The Journey of Friar Ilarione da Bergamo, 1761-1768

Introduction

Starting from the 16th century, the Capuchin friars undertook missions to Africa, America, and Asia. In 1761 – 1768, Propaganda Fide sent seven Capuchins to New Spain (colonies of Spain) to collect alms for the Tibet mission. Among the friars was Friar Ilarione de Bergamo, who was sent to Mexico. During his trip, he tried to make Mexico intelligible to his readers by describing the Mexican building environment, nature, people, and customs.

 

What Describes Ilarione de Bergamo

First, Ilarione de Bergamo described his native Italian building environment: narrow, winding streets in the old town of Bergamo. Grey, ancient buildings were everywhere. De Bergamo was proud of several monumental buildings: Romanesque Church of Santa Maria with baroque interior and splendid paintings as well as the Renaissance Chapel of Colleni with fascinating facades and tombs made from marble. All the buildings were high. The first place he saw in Mexico was Veracruz, which was the main port of Mexico, and the author was surprised why it is poorly fortified. He described its various small monasteries. The landward section had walls not higher than an ordinary person.

Later he discovered that the foundation was not solid enough. There were no big palaces as in Rome, but the palaces in Veracruz had amazing architecture style: well-ordered balconies, windows, and arches in Chinese style, fascinating gates, and a beautiful courtyard with marble columns. He liked the small castles on the sides facing the sea. Unlike the Italian, Mexican churches were not well maintained. The author mentioned La Antigua, the Indian town there was not much land and a few stone houses. Most of them were made of reeds.

Second, de Bergamo noticed a big difference in nature. The climate there was more hot than temperate. He was fascinated by Mexican flora and fauna since it was the first time he saw insects that penetrated into the skin. There was an abundance of sugar, tobacco, and different kinds of fruit, for example, bananas, pineapples, coconuts. People in that place cooked a special kind of bread – cassava, made from the elongated root. There de Bergamo saw platano (banana). The plant was not woody but soft. It did not contain seeds, but reproduced with roots, and it resembled Italian cane for the author. Platanos were roasted with honey and thus had high taste quality.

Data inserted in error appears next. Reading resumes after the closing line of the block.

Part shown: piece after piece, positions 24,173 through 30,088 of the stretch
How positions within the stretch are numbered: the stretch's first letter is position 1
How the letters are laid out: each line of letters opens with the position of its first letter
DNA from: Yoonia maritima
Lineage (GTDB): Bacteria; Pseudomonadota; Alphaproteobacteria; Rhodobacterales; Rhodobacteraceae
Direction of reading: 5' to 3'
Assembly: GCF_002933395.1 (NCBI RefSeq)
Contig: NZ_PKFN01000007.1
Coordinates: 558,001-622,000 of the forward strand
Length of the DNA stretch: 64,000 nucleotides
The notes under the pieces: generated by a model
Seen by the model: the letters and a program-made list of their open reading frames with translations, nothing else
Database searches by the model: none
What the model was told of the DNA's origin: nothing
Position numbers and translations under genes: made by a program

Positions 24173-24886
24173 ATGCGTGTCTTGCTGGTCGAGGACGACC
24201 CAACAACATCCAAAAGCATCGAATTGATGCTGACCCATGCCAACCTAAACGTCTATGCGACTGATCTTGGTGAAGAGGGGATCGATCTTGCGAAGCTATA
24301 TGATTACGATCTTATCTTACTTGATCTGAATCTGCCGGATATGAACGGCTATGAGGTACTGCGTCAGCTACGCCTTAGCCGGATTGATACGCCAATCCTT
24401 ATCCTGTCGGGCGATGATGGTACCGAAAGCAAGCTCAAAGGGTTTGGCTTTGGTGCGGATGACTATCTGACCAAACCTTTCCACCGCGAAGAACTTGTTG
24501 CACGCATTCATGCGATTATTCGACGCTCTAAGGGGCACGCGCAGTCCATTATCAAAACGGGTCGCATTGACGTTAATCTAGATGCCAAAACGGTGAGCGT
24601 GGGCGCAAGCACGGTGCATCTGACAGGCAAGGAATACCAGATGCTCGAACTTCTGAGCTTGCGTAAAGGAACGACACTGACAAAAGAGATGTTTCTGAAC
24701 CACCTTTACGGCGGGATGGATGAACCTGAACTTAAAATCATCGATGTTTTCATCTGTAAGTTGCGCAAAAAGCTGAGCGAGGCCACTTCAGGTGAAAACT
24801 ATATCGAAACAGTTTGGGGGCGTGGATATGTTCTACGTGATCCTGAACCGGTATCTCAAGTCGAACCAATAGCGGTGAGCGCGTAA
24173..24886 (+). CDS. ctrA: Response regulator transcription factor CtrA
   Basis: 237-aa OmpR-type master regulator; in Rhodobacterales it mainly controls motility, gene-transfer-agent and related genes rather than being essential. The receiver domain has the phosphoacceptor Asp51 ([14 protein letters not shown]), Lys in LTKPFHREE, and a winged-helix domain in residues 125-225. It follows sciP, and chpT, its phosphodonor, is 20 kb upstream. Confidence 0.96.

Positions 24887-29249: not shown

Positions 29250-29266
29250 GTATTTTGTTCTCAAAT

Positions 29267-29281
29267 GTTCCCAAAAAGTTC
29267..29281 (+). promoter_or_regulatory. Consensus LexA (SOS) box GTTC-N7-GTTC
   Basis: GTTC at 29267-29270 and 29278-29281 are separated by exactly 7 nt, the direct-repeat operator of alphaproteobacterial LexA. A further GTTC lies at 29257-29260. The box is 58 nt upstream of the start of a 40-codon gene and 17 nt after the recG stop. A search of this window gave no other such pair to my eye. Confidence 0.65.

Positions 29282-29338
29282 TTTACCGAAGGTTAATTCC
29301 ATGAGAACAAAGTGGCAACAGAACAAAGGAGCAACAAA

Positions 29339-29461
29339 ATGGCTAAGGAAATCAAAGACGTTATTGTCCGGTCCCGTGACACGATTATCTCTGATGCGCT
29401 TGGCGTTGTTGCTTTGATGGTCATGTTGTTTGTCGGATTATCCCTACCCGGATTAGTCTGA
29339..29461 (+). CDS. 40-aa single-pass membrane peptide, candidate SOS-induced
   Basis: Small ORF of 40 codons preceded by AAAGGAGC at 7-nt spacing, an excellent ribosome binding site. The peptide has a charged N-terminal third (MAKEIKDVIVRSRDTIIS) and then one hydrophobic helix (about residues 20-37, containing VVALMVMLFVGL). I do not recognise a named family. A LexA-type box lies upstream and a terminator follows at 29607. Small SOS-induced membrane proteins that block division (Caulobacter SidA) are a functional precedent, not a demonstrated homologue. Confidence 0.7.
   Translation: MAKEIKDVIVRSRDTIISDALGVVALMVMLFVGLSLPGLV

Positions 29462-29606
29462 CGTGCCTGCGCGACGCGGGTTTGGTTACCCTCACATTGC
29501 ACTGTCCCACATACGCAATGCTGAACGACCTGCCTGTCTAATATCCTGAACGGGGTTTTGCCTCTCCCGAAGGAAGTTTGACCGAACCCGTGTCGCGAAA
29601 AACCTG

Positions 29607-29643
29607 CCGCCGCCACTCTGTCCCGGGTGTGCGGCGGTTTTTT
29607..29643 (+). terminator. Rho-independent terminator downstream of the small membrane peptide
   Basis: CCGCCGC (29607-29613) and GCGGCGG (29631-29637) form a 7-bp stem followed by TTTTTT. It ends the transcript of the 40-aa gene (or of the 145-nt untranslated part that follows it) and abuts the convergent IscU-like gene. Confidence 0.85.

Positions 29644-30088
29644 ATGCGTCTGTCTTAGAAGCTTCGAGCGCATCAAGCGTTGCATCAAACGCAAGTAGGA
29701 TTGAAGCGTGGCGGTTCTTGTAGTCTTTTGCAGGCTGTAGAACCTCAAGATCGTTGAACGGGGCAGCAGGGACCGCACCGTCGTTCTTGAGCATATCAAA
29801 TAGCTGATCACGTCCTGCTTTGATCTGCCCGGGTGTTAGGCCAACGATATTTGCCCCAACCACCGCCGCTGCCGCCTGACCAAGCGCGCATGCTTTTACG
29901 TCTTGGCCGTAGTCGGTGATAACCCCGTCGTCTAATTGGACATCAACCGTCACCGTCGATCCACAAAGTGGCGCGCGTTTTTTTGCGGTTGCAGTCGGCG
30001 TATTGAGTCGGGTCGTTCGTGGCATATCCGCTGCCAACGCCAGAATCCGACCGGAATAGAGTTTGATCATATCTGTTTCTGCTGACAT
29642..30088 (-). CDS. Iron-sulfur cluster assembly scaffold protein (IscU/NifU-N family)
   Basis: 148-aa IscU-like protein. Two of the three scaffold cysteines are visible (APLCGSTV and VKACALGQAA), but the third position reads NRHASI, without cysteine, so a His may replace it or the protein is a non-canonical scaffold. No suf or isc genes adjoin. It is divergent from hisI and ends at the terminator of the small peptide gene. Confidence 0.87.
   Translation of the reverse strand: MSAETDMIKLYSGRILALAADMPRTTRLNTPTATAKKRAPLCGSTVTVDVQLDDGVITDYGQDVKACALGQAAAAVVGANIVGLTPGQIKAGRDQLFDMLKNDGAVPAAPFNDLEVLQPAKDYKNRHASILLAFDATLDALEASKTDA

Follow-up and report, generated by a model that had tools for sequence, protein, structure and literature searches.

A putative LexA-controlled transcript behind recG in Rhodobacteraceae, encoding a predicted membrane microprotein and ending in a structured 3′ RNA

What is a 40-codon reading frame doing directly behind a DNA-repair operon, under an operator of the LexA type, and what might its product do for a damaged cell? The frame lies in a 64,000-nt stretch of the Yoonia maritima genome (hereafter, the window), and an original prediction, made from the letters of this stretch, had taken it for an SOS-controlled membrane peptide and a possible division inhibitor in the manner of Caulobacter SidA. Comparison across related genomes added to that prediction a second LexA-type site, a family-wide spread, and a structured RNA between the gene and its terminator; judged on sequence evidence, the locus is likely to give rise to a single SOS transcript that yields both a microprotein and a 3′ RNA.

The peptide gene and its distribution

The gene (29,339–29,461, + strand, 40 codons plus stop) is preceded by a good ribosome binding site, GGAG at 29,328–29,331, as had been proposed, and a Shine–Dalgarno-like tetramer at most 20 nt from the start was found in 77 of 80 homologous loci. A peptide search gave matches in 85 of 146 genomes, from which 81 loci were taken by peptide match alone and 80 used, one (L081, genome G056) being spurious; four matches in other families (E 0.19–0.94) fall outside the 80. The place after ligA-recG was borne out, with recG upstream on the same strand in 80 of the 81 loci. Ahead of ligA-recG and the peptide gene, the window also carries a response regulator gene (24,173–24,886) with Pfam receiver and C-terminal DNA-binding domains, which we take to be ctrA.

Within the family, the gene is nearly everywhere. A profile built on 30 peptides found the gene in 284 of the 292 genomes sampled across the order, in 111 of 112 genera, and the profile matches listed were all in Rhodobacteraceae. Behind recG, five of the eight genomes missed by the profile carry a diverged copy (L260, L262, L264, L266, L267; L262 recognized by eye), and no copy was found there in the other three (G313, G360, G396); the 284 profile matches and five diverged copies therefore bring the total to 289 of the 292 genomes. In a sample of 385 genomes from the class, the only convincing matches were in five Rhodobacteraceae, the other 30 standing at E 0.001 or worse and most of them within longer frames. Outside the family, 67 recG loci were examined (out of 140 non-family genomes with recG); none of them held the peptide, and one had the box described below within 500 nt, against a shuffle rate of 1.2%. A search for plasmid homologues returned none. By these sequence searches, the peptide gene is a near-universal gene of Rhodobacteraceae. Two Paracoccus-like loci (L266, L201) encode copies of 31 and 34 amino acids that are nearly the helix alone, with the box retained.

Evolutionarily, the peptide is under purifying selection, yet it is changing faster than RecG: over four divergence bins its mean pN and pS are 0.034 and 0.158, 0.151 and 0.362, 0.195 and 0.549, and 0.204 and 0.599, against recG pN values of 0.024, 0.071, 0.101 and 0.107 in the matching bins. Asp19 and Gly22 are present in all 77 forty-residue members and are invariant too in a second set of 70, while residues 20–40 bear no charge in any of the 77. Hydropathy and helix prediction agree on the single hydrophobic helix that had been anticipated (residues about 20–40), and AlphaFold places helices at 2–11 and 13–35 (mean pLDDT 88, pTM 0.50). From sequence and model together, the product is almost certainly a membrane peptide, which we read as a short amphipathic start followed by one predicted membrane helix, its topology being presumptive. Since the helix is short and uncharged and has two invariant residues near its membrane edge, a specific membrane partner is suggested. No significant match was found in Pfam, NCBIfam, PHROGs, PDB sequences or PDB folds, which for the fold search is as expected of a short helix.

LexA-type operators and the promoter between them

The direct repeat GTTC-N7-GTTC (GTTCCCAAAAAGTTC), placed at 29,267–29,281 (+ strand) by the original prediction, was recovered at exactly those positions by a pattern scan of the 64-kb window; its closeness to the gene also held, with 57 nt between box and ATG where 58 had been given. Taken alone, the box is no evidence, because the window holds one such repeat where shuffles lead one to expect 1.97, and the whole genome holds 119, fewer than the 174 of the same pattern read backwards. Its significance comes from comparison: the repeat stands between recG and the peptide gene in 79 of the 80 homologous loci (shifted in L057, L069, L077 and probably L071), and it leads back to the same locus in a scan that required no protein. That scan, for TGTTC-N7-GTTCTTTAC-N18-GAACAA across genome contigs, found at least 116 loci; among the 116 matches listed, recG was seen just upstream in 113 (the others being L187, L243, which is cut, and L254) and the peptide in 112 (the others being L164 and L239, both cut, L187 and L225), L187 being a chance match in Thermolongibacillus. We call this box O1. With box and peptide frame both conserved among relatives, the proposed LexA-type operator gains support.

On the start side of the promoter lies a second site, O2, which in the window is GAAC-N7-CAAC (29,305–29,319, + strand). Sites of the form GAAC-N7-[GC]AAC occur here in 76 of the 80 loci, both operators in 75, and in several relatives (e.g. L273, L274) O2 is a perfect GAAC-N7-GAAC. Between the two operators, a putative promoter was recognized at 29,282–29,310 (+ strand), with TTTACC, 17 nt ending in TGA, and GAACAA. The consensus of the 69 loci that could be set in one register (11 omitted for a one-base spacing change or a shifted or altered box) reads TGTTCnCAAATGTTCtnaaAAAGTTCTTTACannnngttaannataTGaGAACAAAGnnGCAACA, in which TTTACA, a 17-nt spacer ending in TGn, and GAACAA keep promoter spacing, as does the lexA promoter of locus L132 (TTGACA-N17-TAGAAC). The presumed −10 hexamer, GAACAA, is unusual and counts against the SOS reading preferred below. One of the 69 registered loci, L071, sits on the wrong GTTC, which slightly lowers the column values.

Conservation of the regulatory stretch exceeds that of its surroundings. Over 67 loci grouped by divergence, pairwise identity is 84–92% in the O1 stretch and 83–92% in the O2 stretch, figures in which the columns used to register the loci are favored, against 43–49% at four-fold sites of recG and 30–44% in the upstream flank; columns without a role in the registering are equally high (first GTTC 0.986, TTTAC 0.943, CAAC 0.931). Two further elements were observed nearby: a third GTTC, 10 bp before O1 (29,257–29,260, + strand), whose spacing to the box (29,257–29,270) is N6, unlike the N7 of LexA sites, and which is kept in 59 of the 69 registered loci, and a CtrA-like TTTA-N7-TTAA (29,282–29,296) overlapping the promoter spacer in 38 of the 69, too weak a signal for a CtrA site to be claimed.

In Mexico, there were many of so-called pios, which resembled Italian pineapples; in Mexico, this fruit was called ananas. Coconut trees were everywhere. The coconut resembled raw chestnut. It contained approximately half a glass of fluid. Other popular plants were watermelons, which were called ‘sandias’ by the native people. They provided some refreshments during unbearable heating. The temperature was so high that the sand was flaming hot. Birds in Mexico were far different from Italian birds.

Third, people and their customs impressed de Bergamo. The friar described Mexican women to be very beautiful, with rhetorical talent, and in his opinion, they surpass Italian women. They wore clothes according to customs. If a woman was Indian, she wore an Indian style of clothes. The Indian women in Mexico brought tortillas to the plaza to sell their products. To the author, they resembled women selling eggs. In Mexico, it was customary every day at the same time to drink warm beverages in the morning. Rich people drank hot chocolate. People who were less well-heeled replaced chocolate with atole alone or mixed with a small amount of chocolate. Mexican chocolate had very little in common with Italian chocolate.

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Instead of vine people in Mexico drank pulque, because the production of wine was prohibited according to the laws of Spain. According to de Bergamo, people in Mexico were indecent. The majority of young people who got married were not virgins. For example, many women who were getting married already had children. Thus, the country was full of illegitimate children. It was strange for the Italian friar that the most common occupation throughout the realm was smoking cigarettes. It was common for women, men, and even children to smoke in public places.

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Conclusion

Friar Ilarione came to Mexico to collect money for the mission in Tibet. He saw a completely different world with totally different customs, strange rules, and a new environment. The author was impressed by the new experience. Some features of Mexican society impressed him positively, in particular wonderful nature, hospitable people, and a rich country. He noticed some negative sides of Mexico as well, e.g. debauchery, hot climate, and diseases. Nevertheless, considering both advantages and disadvantages, it was a completely new experience that he brought to Europe.

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